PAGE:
In Bob Perske’s memory, I’m posting some of my favorite posts about him.
On January 7, 2011, Colorado Governor Bill Ritter, Jr. issued a “posthumous pardon” to Arridy, one of the five wrongly executed people with intellectual disabilities.
Pastor to People with Disabilities and their Families
Bob Perske is one of the most gentle and positive people I know. He lives God’s message to care for the “least of my brethern.”
It might surprise people to know Bob hangs out with criminals on death row.
In a previous post I shared his “history of people with disabilities and hope for families.”
Because Bob understands the history of people with disabilties, he knows FEAR was one of the main reasons for removing people from their families and locking them up in institutions, away from society. Fear is still one of the main reason people are excluded from quality lives in the community.
The world in which we live is not always safe, secure, and predictable. It does not always say “please” or “excuse me.” Everyday there is a possibility of being thrown up against a situation where we may have to risk everything, even our lives. This is the real world. We must work to develop every human resource within us in order to prepare for these days (Robert Perske: “The Dignity of Risk.” 1972).
Bob is still hopeful for families, but he wanted to share his recent testimony about people with intellectual disabilities who have been convicted of serious crimes they didn’t commit. Crimes they confessed to because they wanted to make the police officers happy or get them to stop the interrogations. Crimes they didn’t even understand.
Everyone wants people who kill, steal and rape people behind bars. Everyone wants dangerous people off the streets. Everyone wants JUSTICE for the victims. And, Everyone wants the right person convicted.
But Bob Perske and others ask:
“What if the person who confesses to the crime is a person with an intellectual disability?”
Certainly, just because a person has the label of intellectual disability doesn’t make them innocent–but it also shouldn’t make them vulnerable to giving false testimony in our criminal justice system.
Although I did a lot of writing about kids and families earlier, deep in my heart I think they also need to be aware of futures where they can be misunderstood by interrogators and they need to be alert and ready for these grim possibilities.
What can we do?
ELECTRONIC RECORDING OF CUSTODIAL INTERROGATIONS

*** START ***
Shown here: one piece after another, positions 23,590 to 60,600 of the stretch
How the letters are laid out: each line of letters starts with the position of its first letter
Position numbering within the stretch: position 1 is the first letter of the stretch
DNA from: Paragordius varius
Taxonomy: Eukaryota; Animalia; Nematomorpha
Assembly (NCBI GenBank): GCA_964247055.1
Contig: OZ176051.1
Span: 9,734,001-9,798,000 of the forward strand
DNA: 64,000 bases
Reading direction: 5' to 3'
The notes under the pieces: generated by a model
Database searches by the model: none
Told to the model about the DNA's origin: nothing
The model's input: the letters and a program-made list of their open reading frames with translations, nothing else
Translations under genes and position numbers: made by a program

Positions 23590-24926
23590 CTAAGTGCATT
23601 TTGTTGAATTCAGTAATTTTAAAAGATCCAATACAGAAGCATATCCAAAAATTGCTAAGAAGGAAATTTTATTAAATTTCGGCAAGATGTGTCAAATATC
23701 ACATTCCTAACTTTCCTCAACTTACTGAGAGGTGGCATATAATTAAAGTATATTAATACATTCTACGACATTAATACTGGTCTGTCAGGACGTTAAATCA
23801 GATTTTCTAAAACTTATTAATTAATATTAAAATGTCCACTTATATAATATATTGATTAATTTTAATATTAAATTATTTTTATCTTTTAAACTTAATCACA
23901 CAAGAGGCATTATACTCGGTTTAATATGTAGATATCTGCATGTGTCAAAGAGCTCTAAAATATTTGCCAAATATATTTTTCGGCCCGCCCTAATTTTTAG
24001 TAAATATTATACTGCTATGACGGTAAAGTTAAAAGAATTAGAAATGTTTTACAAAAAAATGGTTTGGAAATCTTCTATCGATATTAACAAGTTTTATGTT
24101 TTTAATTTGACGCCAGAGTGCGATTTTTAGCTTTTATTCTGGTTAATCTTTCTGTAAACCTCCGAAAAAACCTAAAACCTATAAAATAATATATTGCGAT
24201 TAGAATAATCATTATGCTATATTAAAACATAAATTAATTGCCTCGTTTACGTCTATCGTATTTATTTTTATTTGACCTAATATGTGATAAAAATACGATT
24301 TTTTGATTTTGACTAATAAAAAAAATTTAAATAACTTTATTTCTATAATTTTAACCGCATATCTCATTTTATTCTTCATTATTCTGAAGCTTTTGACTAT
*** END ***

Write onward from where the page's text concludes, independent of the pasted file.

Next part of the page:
Robert Perske, Citizen Advocate
Persons With Intellectual Disabilities
CT: REGARDING SB NO. 954 AN ACT CONCERNING THE ELECTRONIC RECORDING OF CUSTODIAL INTERROGATIONS (March 9, 2011)
Dear Committee Members:
For the past 34 years, I have served as a worker and author on cases involving persons with intellectual disabilities who were coerced into confessing to major felonies they did not commit.
I am a member of The ARC of Connecticut and The ARC of the United States.
I am the author of “Perske’s List: False Confessions from 75 Persons with Intellectual Disabilities.”
It will be published in September’s Intellectual and Developmental Disabilities, a journal of the American Association on Intellectual Disabilities. (AIIDD).
The article is 24 pages long. It shows that:
• 65 have been legally exonerated.
• 29 have been exonerated by DNA tests.
• 5 are now headed for court hearings thanks to “Innocent Project” groups.
• 5 have been so wrongly executed they will always be painful to justice-loving lawyers when they think about them.
• 1 of the five wrongly executed was Joe Arridy. On January 7, 2011, Colorado Governor Bill Ritter, Jr. issued a “posthumous pardon” to Arridy.
• I predict that Richard Lapointe of Connecticut will someday be added to this list.
The time has come when judges and juries should be helped by advanced video technology to see everything that went on in an interrogation room. Until they can do that, our justice system will be tainted.
Check out Bob’s articles, books, websites or give him a call.
As parents we worry about our children being victims. Few of us imagine our children as the aggressor.
What can be done to give them better protection, a more fair and equal justice? Because sometimes even the people who have confessed to being the aggressors–are Victims.
Electronic equipment seems like an easy answer to me. I would think it would help protect the rights of everyone, including the police officers.
Keep Climbing: Onward and Upward
All my best,
Discussion: These are life and death issues. Would video technology and electronic recordings of custodial hearings bring better justice to everyone? Is this worth the cost? What do you think of Bob’s role as a pastor and “citizen advocate”? How can we make our children less vulnerable?